Bankruptcy law: key to tackling the burgeoning NPA issue3 min read . Updated: 15 Jan 2016, 08:26 AM IST
Reforms in bankruptcy laws can play a crucial role in economic growth and financial stability
The Reserve Bank of India (RBI) started a process whereby all new restructured loans are classified as bad loans. A restructured loan is one for which the borrower has renegotiated the terms of repayment, while a bad loan is where the borrower has not made payments for a certain period and there is risk of default. Effective 1 April 2015, all restructured loans have to be classified as non-performing assets (NPAs), with provisioning of 15% of the outstanding versus the earlier requirement of 5% for restructured loans.
The idea is to disincentivise banks from opting to restructure loans on the slightest pretext to prevent them from qualifying as NPAs. The new rule is expected to force banks to recall loans, take early recovery action or sell NPAs to asset restructuring companies. However, after the new provisioning norms were introduced, no new case was referred for restructuring in either the June or September quarter. This is a surprise given that the weak economic conditions have not improved materially. While it is difficult to arrive at a meaningful conclusion, there is a sense that there could be under-reporting to prevent bloating of NPA levels.
In India, a loan turns into an NPA if interest repayments remain due on the 91st day. Of late, there has been a sharp spurt in loans for which repayment is due for more than 60 days. These are termed Special Mention Accounts-2 (SMA-2). Anecdotal evidence suggests that the amount of loans that are on the verge of turning bad has risen substantially. But it’s difficult to get an exact sense as RBI doesn’t require banks to publicly report this data.
Available evidence suggests that India’s NPA situation is likely to worsen further before it starts to improve. While the economy has bottomed out, the process of recovery will be slow. With a more proactive RBI now, the situation is likely to improve. Banks have started to convert their loans to equity, especially of the wilful defaulters. The key to success of this programme lies in the banks’ ability to dispose the newly acquired businesses within a reasonable time-frame, failing which they would be saddled with businesses that they don’t have the management competency to run.
While economic growth remains the immediate solution to this problem, India is in desperate need of an appropriate bankruptcy law to help tackle the NPA problem in a more meaningful way.
India’s existing corporate insolvency resolution framework fares poorly in terms of both timeliness and cost of proceedings. Problem is, longer the time taken, greater is the probability of erosion in realisable value of assets and, hence, lower the recovery rate. Not surprisingly, despite a one place improvement in ranking in terms of resolving insolvencies (within the Doing Business Index of the World Bank), India still ranks a poor 136 out of 189 countries and the last among the BRICS countries (Brazil, Russia, India, China and South Africa). The average time taken for insolvency proceedings in India (according to the report) is about 4.3 years, while it is only 1.7 years in the high-income member countries of the Organisation for Economic Co-operation and Development. More importantly, lenders tend to recover just about 20% of their loans when businesses go bust compared to the over 70% recovery in developed countries.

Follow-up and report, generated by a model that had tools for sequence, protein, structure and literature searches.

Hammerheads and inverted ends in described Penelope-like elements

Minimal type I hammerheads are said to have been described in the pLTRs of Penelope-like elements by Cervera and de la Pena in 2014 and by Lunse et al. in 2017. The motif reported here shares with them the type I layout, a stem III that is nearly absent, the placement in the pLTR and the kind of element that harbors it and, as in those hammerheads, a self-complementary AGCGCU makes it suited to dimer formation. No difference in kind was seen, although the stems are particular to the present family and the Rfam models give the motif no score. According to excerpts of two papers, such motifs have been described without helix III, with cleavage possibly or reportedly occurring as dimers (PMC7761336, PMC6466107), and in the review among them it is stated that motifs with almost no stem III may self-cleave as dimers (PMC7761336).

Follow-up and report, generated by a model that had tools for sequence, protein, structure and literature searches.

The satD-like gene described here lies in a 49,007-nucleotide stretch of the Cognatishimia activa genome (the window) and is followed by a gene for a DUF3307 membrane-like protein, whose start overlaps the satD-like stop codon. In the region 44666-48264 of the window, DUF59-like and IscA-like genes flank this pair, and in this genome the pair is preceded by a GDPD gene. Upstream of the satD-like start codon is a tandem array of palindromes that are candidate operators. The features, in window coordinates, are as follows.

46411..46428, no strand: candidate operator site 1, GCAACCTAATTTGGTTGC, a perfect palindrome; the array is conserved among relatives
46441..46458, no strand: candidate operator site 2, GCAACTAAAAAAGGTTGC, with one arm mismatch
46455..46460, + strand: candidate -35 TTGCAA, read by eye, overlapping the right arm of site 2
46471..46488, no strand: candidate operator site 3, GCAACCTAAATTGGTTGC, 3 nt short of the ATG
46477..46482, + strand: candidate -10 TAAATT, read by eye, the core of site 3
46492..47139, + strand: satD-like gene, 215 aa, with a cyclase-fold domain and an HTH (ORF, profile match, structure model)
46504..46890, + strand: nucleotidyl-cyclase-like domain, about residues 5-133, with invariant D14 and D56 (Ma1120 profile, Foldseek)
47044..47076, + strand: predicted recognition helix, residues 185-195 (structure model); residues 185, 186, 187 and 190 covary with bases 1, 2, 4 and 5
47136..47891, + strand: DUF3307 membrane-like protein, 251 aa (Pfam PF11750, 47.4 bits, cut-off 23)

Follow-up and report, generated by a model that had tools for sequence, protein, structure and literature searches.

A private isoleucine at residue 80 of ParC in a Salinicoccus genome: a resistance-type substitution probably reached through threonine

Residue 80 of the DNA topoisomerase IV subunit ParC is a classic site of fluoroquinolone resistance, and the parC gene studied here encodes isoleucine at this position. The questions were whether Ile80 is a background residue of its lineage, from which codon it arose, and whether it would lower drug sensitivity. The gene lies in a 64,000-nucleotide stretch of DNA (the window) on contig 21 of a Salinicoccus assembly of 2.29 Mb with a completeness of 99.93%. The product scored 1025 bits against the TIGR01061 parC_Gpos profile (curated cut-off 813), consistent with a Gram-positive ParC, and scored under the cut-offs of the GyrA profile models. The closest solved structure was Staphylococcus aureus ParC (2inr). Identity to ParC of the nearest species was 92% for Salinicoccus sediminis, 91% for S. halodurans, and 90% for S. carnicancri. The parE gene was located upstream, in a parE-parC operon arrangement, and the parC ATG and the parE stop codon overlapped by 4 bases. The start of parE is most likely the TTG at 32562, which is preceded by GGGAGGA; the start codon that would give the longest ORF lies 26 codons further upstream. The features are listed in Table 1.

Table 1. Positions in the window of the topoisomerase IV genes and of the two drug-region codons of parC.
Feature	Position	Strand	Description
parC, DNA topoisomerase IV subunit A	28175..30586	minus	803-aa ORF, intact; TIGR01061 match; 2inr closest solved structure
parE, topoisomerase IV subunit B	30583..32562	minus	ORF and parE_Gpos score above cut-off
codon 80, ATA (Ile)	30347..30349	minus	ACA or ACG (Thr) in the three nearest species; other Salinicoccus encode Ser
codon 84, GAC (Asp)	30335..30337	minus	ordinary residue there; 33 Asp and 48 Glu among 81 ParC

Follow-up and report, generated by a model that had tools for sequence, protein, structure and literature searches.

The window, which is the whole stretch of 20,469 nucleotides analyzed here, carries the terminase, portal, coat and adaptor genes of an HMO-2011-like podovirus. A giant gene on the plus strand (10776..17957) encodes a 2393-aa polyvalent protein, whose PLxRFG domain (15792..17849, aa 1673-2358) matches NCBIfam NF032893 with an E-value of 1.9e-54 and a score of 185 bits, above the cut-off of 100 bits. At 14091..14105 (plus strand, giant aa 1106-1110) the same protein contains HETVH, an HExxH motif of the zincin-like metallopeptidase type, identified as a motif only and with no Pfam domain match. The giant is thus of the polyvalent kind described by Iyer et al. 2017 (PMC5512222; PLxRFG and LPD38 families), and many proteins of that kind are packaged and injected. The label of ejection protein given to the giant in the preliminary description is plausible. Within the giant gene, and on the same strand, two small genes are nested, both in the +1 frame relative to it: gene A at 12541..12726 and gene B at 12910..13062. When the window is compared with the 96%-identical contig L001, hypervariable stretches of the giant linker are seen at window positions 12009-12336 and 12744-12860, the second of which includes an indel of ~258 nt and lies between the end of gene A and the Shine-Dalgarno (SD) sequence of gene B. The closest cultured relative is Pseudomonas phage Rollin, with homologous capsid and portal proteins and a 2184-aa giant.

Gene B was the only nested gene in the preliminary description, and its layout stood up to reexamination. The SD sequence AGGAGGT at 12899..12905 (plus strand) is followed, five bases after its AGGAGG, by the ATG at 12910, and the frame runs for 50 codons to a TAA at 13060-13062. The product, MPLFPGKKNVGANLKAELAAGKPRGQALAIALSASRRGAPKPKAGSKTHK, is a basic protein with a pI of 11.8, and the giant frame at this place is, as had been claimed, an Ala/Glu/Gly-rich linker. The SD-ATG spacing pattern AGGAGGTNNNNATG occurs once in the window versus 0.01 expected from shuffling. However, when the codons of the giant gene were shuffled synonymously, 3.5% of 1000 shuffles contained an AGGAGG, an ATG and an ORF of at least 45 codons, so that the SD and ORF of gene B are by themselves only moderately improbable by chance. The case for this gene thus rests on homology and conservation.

Reforms in bankruptcy laws can play a crucial role in economic growth and financial stability. An effective insolvency framework can offer huge economic benefits like ensuring maximisation of value of creditor’s claim by rehabilitating the ailing debtor company or through an effective liquidation framework if rehabilitation is not achievable. Absence of a rational and efficient process of corporate insolvency has inhibited development of a vibrant corporate bond market. Large amounts of capital and assets have been locked up in enterprises that have gone under with little prospect of revival.
Unfortunately, at this point in time, there is no comprehensive and integrated policy on corporate bankruptcy in India. Multiple agencies are involved in the process, whose jurisdictions often overlap. This can create systemic delays and complexities. Keeping this in mind, the Bankruptcy Law Reform Committee (BLRC) was set up, which submitted the draft of its proposed Insolvency and Bankruptcy Code. Among other issues, this draft addresses the timeline issue by stipulating a strict timeline of 180 days for insolvency resolution and limiting judicial determination at the trigger stage and thereby help de-clogging of judicial bandwidth. Also, even operational creditors such as employees and utilities with dues can initiate insolvency proceedings when the borrower defaults.
If the government is successful in passing the relevant bill, this will not only be a big confidence booster for investors, but India’s ranking in the Doing Business Index will see a big improvement.
Kunal Kundu, India Economist, Societe Generale Global Solution Centre Pvt. Ltd.